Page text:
iPad Pro Updates

All iPad Pros have been updated with a newer, faster CPU and graphics chip, better screen, better cameras, and faster Lightning port. That's not all, though. The two sizes of Pro used to be 9.7-inch and 12.9-inch, but the smaller of those has been replaced by a new 10.5-inch model. Apple says they shaved off 40% of the bezel, and so could fit 20% more screen into a device that's almost the same size as the 9.7-inch iPad Pro the new one replaces. Yes, there's a new Smart Keyboard to accompany the newest iPad Pro family member. No, the 9.7-inch model is no longer being sold, by all appearances.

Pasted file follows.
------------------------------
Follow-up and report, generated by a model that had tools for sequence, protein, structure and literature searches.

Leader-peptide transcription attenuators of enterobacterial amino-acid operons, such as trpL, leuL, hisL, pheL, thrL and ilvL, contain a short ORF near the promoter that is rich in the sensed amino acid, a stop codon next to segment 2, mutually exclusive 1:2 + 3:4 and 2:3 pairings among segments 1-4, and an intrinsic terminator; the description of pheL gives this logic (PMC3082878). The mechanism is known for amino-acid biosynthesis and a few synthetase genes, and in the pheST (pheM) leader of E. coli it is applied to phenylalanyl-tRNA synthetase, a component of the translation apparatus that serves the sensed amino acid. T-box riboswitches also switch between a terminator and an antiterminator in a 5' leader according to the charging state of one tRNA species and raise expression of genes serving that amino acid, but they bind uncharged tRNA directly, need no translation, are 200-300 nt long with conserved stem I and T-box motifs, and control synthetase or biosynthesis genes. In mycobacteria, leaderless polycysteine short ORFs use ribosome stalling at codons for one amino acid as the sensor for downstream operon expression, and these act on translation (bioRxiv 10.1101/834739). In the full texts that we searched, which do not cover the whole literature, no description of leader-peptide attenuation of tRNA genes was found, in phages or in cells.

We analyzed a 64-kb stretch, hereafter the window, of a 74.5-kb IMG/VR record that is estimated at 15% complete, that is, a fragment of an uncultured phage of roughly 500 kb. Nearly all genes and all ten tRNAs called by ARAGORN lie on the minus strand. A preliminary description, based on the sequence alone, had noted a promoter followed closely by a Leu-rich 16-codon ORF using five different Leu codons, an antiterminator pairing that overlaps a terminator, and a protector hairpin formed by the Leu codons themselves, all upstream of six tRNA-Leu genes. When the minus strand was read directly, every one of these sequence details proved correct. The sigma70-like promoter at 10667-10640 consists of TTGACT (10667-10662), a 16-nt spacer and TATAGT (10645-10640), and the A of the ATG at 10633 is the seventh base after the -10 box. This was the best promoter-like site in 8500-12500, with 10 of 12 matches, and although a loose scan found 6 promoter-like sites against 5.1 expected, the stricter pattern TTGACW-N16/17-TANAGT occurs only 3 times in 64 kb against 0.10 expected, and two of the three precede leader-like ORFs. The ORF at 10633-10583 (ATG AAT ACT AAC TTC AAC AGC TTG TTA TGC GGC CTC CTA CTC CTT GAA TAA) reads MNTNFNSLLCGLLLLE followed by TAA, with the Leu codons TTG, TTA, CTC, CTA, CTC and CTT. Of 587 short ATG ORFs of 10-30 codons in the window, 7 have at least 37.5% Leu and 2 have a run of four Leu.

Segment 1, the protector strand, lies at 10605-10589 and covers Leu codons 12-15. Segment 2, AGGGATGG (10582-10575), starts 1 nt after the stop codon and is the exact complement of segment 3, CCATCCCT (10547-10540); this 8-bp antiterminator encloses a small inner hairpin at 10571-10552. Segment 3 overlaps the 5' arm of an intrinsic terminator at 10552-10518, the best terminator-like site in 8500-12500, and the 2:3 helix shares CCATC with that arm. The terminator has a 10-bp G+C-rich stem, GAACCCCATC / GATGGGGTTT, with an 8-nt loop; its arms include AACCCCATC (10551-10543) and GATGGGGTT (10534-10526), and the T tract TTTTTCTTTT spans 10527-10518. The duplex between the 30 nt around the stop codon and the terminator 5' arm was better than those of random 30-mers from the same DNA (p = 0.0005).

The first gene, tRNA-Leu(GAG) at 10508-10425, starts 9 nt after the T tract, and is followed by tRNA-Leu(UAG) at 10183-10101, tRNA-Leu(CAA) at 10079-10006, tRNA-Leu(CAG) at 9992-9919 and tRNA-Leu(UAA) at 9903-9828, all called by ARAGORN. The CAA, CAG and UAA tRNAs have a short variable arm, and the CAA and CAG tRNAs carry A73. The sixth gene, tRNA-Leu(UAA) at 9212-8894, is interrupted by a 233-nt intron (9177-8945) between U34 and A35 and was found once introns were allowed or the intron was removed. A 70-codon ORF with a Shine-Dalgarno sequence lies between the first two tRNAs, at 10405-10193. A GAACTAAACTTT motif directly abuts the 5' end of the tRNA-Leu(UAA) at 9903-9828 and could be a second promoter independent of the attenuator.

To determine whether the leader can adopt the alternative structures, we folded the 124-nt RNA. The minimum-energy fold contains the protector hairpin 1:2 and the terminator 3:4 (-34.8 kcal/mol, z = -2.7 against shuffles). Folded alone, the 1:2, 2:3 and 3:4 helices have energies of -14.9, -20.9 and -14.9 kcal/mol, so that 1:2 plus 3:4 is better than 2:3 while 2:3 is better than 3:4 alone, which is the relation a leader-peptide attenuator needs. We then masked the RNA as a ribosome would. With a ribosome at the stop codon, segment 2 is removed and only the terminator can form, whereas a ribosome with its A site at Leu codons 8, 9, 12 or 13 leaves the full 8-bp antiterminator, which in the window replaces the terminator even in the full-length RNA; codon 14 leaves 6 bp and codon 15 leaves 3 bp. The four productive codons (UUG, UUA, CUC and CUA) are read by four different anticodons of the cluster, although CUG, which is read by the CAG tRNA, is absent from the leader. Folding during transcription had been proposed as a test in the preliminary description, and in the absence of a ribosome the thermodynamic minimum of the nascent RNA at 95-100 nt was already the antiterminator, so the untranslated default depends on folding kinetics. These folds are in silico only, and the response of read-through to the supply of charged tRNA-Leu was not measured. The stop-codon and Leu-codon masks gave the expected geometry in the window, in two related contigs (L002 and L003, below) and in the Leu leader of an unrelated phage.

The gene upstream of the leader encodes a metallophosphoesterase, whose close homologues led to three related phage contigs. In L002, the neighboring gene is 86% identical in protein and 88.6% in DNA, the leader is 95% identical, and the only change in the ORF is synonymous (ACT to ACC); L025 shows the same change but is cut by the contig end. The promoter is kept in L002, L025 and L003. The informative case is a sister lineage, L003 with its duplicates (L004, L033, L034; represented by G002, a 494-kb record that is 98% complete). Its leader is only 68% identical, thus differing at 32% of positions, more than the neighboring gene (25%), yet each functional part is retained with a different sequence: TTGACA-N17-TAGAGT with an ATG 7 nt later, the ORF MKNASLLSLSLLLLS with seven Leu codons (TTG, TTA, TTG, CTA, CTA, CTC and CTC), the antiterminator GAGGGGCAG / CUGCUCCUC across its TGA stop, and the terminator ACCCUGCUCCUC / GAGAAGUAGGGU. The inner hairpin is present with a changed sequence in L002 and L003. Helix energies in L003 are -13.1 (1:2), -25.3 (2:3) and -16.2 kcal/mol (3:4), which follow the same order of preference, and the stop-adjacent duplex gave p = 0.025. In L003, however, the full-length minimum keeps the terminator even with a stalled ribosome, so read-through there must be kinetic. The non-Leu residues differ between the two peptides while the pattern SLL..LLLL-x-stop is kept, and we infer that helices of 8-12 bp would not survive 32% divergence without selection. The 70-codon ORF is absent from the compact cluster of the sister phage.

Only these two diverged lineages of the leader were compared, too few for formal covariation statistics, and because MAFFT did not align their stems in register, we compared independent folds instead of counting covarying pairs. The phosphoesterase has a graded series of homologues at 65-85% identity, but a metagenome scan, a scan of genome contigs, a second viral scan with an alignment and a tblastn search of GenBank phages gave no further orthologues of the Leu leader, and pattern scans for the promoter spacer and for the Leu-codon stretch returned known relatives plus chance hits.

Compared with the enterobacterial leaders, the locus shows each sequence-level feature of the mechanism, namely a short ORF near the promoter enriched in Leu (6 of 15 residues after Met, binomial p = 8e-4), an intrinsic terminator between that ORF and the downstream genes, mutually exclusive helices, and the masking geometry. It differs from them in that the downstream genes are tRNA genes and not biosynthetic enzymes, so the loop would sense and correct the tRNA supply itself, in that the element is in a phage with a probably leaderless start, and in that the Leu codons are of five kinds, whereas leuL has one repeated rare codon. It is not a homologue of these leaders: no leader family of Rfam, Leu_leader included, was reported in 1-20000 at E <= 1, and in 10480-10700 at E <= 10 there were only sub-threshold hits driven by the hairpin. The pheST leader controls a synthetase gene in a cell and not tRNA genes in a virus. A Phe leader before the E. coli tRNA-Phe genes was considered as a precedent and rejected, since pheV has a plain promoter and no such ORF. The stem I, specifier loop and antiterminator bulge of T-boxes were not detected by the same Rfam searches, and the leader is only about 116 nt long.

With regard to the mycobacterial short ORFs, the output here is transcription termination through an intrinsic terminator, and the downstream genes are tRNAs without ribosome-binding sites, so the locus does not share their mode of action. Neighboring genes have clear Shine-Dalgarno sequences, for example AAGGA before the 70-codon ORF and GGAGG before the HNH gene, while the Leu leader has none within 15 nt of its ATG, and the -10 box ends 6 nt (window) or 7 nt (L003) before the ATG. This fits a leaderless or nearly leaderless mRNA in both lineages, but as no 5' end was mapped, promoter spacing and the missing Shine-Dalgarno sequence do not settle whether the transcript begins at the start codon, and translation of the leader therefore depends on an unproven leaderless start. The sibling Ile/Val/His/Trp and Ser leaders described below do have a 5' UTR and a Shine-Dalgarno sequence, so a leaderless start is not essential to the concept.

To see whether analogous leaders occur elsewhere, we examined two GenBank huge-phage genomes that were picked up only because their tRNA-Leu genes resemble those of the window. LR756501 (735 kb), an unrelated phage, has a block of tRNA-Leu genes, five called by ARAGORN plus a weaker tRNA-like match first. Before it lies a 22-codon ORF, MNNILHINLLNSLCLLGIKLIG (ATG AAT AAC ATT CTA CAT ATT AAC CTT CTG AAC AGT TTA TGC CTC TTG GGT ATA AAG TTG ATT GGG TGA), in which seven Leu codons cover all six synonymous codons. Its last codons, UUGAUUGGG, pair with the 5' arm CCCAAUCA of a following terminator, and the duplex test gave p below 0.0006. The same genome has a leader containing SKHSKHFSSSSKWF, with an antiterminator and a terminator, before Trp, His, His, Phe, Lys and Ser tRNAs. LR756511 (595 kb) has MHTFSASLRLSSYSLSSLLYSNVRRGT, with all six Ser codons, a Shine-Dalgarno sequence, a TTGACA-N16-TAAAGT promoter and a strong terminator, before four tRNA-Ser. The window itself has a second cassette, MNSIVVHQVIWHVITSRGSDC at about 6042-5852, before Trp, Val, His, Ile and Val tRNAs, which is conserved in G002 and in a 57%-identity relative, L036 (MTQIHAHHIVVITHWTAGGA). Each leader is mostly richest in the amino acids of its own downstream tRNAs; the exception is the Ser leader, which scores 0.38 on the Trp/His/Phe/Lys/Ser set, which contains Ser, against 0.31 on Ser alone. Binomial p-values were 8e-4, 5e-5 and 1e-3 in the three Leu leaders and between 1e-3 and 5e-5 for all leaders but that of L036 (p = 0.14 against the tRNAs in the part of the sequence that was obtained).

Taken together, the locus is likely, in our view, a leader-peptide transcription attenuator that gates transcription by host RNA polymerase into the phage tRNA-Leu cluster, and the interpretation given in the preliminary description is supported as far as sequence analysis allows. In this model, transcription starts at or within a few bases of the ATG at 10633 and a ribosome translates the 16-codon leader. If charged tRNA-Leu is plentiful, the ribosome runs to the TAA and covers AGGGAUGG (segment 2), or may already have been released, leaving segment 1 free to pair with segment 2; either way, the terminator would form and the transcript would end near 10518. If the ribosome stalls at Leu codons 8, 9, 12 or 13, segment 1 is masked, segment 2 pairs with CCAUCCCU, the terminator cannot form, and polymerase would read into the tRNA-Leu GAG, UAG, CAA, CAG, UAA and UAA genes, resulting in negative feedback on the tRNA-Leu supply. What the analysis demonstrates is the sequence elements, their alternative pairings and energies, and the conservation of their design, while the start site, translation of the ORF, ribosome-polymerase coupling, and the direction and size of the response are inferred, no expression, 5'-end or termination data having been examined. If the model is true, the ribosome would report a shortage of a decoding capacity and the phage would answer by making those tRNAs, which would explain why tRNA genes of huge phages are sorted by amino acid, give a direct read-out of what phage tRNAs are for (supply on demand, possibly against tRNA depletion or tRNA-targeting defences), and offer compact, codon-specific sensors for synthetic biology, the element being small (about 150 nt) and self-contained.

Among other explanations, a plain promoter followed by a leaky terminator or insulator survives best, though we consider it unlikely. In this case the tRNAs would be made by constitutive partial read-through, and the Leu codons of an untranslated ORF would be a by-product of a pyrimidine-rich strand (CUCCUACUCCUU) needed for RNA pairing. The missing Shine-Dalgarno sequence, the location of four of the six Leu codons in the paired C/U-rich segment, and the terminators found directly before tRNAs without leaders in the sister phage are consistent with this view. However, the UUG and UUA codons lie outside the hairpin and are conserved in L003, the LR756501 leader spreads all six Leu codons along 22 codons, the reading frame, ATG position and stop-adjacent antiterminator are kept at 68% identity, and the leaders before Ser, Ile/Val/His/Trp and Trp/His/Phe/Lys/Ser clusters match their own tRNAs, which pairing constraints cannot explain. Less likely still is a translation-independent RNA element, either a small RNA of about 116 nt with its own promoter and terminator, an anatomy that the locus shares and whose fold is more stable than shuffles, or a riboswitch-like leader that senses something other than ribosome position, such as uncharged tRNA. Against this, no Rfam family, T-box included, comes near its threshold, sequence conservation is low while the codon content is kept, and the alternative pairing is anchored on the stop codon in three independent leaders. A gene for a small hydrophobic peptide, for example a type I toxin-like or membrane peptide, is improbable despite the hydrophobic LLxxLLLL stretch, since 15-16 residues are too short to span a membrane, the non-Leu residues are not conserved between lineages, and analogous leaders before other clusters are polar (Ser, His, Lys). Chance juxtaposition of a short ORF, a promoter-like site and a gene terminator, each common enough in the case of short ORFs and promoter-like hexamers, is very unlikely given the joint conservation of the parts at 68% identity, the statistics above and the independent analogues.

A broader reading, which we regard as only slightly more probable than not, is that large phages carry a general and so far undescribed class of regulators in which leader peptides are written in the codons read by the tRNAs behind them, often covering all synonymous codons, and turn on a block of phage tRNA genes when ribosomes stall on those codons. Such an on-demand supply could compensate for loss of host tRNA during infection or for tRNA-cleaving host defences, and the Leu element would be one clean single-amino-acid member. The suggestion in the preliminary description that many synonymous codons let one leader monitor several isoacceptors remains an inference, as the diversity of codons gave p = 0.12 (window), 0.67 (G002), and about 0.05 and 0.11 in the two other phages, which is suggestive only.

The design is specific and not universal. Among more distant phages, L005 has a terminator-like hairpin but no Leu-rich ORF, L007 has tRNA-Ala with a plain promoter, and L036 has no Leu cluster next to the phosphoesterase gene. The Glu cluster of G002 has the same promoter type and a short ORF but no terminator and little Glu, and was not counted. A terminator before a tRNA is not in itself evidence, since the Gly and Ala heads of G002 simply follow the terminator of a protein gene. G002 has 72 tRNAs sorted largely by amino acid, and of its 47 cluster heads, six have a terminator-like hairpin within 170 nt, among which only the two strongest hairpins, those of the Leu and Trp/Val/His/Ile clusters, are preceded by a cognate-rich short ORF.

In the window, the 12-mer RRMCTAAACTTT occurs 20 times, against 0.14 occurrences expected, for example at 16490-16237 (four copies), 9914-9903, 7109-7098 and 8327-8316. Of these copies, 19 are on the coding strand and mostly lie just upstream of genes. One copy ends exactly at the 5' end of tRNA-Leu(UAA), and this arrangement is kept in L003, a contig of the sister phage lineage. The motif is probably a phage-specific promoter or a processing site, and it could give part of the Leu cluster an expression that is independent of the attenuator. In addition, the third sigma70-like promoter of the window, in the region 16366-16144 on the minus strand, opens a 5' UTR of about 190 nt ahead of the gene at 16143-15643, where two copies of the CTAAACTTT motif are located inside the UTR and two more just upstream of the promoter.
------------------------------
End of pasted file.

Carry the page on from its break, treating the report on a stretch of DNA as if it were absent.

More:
I'll talk about the new internals of both Pros from here on out, because both machines are identical now, save for overall size. The new A10X chip is a six-core beast that can run 30% faster in general tasks, and 40% faster in graphics tasks, than the chip it replaces. There's more ram to go along with this new CPU, too, and twice the storage space. Apple now starts all iPad Pro models at 64GB, which you can bump up to 256GB or, for the first time ever in an iOS device, 512GB. Optical image stabilization is standard for the 12MP back-facing camera, and True Tone flash using the screen is available for the 7MP front-facing camera. The back shooter can even capture 4K video if you want it to. The Lightning port supports fast charging and much better data transfer speeds, meaning that using Apple's camera adapter just got a lot more efficient.